Olive Franklin is second year English Literature student with a passion for poetry, politics and pale ale’s, she can often be found holed up next to a pile of books that almost-definitely aren’t on her course-list. She is currently Theatre Editor for STRAND magazine.
[Featured Image: A stack of thirteen books in rainbow order, from red on the bottom to violet on the top against a mustard yellow background.]
In living memory academia has gone from treating homosexuality as a mental illness or moral degeneracy to a pro-LGBT stance with research showing that LGBT people being disproportionally overrepresented among academics. However, a hangover of traditional homophobia still lingers in today’s criticism. (And whilst this article is explicitly addressing sexuality similar arguments could be made for the treatment of trans and gender non conforming writers.) Literary academia today often projects its own view of what it means to be same sex attracted onto gay and bisexual figures. It implies attraction to the same sex is inherently ‘transgressive,’ inherently ‘unnatural,’ inherently something people must be ashamed of. This assertion is made again in academic thought on figures from Oscar Wilde to Tennessee Williams to Virginia Woolf. This standard theory that views gay and bi writers as necessarily ashamed of their sexuality is popped over writers’ lives with little consideration of its actual truth.
This thinking is lazy. Gay and bi people are not inherently ashamed of their identities any more than straight people are. Some straight writers have hang ups about sex, or bodies, or intimacy, but academics can understand these things to be afflictions forced on the individual writer by their upbringing, or society, or religion whereas too often academia assumes shame to be the natural state of same sex attracted writers. This assumption finds its basis in a homophobic attitude and does not acknowledge the fact gay and bi people only feel ‘transgressive’ or ‘abnormal’ or ‘unnatural’ when thrown against the harsh realities of a heteronormative world. It’s not written into our DNA.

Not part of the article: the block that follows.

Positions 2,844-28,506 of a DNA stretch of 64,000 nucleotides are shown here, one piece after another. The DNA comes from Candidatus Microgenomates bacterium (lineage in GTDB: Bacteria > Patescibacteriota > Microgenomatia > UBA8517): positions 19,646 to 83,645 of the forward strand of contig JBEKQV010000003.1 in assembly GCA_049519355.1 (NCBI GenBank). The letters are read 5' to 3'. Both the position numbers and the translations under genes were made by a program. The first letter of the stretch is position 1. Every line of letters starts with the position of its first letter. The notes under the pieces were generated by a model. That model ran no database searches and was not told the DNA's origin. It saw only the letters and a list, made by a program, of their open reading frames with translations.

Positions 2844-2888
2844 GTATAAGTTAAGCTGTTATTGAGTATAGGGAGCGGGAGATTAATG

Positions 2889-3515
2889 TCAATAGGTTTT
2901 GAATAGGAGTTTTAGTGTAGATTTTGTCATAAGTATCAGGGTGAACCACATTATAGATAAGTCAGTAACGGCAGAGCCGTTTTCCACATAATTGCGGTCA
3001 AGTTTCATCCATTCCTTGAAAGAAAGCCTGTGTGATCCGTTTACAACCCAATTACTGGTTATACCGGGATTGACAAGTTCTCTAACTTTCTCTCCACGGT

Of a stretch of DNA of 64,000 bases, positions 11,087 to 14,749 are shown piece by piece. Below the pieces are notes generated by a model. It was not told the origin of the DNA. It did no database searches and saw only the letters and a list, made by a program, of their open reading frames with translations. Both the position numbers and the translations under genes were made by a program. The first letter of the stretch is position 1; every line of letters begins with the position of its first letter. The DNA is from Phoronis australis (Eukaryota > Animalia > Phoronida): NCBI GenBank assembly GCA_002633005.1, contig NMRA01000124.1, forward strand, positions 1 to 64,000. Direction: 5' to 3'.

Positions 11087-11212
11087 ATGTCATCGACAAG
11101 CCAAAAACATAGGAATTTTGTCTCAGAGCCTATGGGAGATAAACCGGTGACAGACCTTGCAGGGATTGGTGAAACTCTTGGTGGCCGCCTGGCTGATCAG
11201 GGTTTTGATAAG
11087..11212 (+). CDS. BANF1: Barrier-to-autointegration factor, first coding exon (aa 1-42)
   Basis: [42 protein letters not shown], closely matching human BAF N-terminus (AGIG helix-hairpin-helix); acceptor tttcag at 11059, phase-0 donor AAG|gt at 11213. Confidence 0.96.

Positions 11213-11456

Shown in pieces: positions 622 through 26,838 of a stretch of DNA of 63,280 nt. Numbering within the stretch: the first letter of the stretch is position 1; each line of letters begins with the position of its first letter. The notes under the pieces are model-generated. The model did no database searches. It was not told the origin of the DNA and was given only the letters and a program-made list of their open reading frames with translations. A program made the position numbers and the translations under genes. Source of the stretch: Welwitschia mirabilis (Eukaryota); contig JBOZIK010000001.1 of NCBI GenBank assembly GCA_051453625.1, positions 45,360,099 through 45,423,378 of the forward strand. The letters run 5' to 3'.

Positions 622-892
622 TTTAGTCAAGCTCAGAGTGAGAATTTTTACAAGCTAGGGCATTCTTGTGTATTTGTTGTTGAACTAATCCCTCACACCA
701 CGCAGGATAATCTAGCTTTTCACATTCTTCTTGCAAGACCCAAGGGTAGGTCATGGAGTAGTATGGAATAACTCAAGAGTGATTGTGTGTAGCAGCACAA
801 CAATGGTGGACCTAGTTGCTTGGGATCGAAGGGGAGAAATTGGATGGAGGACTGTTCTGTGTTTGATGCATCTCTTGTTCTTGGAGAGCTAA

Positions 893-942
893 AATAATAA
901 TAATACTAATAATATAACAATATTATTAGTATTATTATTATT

A woman in my seminar this term suggested the broken, bent, disjointed nature of the poem Paris was a reference to Mirrlees’ ‘queerness’. This kind of statement is standard in academic discourse today, despite being unfounded unless we believe that same-sex relationships are inherently in some way ‘broken’ or ‘bent’ or ‘disjointed.’ I don’t blame the woman who suggested this. When we look at the language surrounding the academic study of ‘queerness’ these ideas are ubiquitous.